Dissect & Modify the Camera
The first step is to open and inspect the camera body. If your camera has a flash unit, you must open the covers very cautiously to avoid electrical shock. As described by Byrd and Graham, the flash unit contains a large capacitor (120-160 micro-farads rated for 330 volts), which can retain its electrical charge long after the battery has been removed and can be quite dangerous if not discharged thoroughly. Do not use the flash units for this activity unless you can be sure the students will avoid touching the internal circuit board. Once the camera is opened, you can "short" the cylindrical capacitor using an insulated piece of metal to connect both leads to each other. It is important to short the capacitor several times and to be sure the battery has been removed from the side compartment.
Notice that there are snap locks on both sides of the camera body, one of which should already be open since it contained the film removed by the developer. To open the camera body, peel back some of the yellow sticker identifying the camera as KODAK on the top and bottom of the camera and unsnap the plastic pieces. The top and bottom should separate without much force. You should now have four pieces: the front cover, back cover, middle (main camera with lens), and a cylindrical spool.
The shutter mechanism must be removed for long-exposure photography. You need to remove the lens assembly temporarily. The lens is mounted in a black plastic housing which can be pulled off from one corner once you have removed a "C-shaped" metallic band. The latter may not be present in all cameras and can be discarded once removed. Avoid touching the lens; your fingerprints could deposit an oily film or scratch the lens surface and ruin its focusing ability. Dust on the lens can be removed by blowing air sideways across the lens. Once the lens assembly has been removed, you should see the shutter mechanism: a dark gray metallic piece hinged to a small plastic post and also connected to a spring. Remove the spring and the gray piece. Replace the lens assembly by locating it back on its plastic locating posts and snapping it back into place. Replace the front cover of the camera.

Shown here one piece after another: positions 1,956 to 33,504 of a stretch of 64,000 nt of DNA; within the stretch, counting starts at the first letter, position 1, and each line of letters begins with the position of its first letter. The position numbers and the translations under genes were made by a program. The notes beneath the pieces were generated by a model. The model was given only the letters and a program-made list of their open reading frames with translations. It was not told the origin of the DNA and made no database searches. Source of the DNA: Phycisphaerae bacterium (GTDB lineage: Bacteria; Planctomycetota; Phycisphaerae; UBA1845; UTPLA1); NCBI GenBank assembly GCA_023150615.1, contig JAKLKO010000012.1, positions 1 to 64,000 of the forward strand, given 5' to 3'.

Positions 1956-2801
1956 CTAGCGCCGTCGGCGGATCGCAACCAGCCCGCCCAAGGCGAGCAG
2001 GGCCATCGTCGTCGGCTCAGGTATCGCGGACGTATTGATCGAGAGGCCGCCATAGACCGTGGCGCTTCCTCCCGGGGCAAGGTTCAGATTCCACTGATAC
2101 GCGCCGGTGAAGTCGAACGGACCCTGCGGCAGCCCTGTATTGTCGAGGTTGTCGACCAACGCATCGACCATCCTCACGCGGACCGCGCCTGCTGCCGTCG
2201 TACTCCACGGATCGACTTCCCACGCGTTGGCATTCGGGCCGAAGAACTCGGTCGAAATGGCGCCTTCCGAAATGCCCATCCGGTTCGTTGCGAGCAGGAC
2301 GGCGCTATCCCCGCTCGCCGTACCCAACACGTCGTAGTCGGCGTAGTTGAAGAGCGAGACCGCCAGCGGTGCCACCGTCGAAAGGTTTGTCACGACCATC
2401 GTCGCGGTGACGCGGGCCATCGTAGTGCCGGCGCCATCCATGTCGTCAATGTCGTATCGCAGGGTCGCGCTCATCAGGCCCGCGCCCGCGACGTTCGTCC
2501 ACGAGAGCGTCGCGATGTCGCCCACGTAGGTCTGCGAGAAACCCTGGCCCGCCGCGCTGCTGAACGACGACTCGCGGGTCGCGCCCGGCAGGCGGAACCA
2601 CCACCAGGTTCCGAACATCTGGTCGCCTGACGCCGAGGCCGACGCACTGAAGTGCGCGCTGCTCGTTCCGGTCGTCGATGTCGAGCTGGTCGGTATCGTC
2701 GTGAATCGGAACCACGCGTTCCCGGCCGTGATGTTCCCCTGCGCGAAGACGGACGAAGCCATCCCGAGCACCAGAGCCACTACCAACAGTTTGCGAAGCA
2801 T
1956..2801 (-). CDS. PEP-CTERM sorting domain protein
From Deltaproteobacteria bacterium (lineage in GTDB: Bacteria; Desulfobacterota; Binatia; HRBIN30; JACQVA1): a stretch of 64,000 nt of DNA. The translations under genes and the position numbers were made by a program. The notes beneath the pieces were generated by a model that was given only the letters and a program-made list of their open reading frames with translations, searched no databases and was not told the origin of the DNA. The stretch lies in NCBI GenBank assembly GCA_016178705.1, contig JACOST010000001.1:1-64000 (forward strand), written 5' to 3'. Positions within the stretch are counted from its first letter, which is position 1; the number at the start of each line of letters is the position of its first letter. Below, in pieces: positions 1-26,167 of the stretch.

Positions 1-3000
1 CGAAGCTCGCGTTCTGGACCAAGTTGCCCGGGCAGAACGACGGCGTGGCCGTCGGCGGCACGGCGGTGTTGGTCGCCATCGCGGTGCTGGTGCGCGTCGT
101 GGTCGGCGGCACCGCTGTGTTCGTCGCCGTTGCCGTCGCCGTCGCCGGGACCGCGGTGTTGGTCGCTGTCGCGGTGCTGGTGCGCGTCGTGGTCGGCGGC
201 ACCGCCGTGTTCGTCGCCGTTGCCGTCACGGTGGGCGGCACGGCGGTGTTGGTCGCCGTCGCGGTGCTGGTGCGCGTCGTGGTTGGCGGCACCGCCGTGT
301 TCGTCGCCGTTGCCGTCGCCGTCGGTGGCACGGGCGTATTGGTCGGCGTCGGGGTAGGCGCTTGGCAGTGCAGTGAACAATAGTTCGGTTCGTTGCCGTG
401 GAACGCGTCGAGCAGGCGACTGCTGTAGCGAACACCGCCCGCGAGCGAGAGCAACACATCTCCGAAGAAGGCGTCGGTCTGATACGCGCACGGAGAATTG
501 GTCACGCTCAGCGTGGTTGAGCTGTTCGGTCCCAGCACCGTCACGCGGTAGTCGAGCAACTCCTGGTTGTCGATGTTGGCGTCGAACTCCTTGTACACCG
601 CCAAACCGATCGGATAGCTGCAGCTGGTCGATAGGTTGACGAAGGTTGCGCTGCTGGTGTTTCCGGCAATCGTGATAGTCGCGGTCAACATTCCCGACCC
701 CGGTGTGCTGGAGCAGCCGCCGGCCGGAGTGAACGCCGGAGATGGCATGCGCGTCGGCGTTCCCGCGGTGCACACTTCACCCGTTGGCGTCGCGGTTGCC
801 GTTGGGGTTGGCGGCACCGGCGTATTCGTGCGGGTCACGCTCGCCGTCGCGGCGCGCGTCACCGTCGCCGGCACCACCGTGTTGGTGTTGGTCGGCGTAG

If you plan to do this activity with a large class, go to a photo-finishing store and ask to collect their disposable camera bodies. For loading new film, as described below, you should also acquire the used film canisters with the toothed spindle. WalMart has been very generous to us -- they will let you sort through their recycling bags for the specific items you need.
Loading the Film
Since the disposable cameras do not have a rewind mechanism, they operate backwards from an ordinary 35-mm camera. You will put the film in the camera so that, as you take pictures, the film is rolled into its canister which can later be removed for processing. From a camera store you can buy a roll of film and re-rollable film canisters (30-60 cents each) with screw-tops. You don't need a full roll of film for each camera. We generally figure three to four cameras per roll of film (36 exposures), putting six pictures on each camera with an extra one to two frames needed to attach the film with lag and lead.
Figure 2. A disassembled One-Time Use camera with its internal components shown to the sides. Also shown are the items necessary for reloading these cameras with film. Photo courtesy of the authors.
The following procedure should be done in total darkness. You can practice in the light with previously exposed film, making careful mental notes and paying close attention to the feel of the following steps. Figure 2 illustrates the components discussed below.
Occasionally, the side doors (for film and battery) detach from the camera body due to fatigue in the plastic upon repeated bending. We have found that these doors can still snap back in place and that they can be sealed against light-leaks by using electrical tape to fasten them to the camera body.
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